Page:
They launched into ‘Blitzkrieg Bop’ all guns blazing, Boris thrashing the chords out, Andrei threatening to snap the thick, bass strings and Sascha doing an admirable job keeping not only a steady beat, but adding some high-hat crashes, as well as screaming out the ‘hey-ho, let’s go’ refrain.

Daniel walked with Boris to the Czar Bar, offering to help him set up. It gave them a chance to talk. They smiled as the nearer to Rigaer Str they got, the more flyers they saw advertising their first gig. Chris had made a collage of some photos of Giacometti sculptures and text that conveyed all the necessary information.

‘Man Pointing, Band Playing’ read the headline, then the address and approximate time. They were scheduled to appear at eleven.

Daniel mentioned the gig, the rehearsal, the practicalities of getting the equipment to and from the bar, and, finally, about Olga. However loquacious Boris had become on all matters to do with the band, he remained tight-lipped on that subject. Daniel took the hint and changed the subject.

The plan was to get a taxi to take the drum kit and amps to the bar, as all attempts to borrow a van, or elicit help had fallen through. Daniel also hinted, with delicacy, that Boris may want to take it easy tonight with the vodkas. Boris agreed and kept to his word.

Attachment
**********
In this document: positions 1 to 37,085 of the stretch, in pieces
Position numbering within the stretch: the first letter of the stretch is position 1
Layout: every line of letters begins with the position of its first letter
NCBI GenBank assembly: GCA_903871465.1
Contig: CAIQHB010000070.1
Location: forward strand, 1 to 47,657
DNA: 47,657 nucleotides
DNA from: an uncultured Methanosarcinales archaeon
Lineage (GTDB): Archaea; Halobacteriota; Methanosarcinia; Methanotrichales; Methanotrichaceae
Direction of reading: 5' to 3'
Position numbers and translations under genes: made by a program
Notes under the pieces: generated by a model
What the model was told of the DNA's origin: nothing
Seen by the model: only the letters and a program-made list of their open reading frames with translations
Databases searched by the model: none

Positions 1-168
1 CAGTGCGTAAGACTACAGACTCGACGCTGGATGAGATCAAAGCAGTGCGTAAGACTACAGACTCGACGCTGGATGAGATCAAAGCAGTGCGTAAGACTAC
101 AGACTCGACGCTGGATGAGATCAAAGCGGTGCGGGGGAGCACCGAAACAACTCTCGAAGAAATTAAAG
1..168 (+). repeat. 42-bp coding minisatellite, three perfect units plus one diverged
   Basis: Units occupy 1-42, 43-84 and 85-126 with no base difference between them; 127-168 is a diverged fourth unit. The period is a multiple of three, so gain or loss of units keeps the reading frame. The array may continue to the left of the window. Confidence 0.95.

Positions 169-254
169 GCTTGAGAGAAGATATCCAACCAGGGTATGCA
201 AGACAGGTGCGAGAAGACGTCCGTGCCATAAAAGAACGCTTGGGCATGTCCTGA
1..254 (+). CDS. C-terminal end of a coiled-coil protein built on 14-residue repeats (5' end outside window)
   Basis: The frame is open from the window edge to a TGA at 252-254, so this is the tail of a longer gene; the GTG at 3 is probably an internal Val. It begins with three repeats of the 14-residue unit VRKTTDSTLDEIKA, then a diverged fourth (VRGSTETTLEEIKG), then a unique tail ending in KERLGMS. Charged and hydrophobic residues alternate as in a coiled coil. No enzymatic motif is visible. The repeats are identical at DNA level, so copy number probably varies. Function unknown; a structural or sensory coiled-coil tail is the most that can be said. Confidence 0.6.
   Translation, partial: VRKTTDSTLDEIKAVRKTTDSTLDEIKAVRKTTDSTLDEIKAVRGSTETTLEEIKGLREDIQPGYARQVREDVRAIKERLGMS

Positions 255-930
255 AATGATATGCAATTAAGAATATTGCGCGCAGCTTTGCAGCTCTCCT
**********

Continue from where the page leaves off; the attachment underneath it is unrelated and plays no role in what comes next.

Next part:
The following day, Chris arrived at the Russians house only half an hour later than he had promised. By now, Daniel was used to Berlin timekeeping, and wasn’t too worried.

The taxi was hired and Sascha immediately got in and waited to go, before Daniel physically dragged him out and made him help loading up. As there was no space, only Daniel drove along, the rest walking, Andrei and Sascha spending the whole time moaning about why Daniel got to ride and they didn’t.

Chris had the key to the bar, Jake telling him to be back in time for them to stock up. Jake was predicting a busy night and he wanted to be prepared.

Outside the bar, Daniel guarded the equipment and gave out some small flyers to some passing women.

The setting up took a long time, lots of discussions where the sockets were, who was going to stand where, and Sascha appearing very unhappy with his drum stool.

Chris told them to carry on, while he went to the store with Jake.

Jake began playing a CD, loudly, just as the band were finally ready to start sound checking. He also lost patience, wondering how they could have spent so much time and not achieved anything, saying that he had to set the bar up.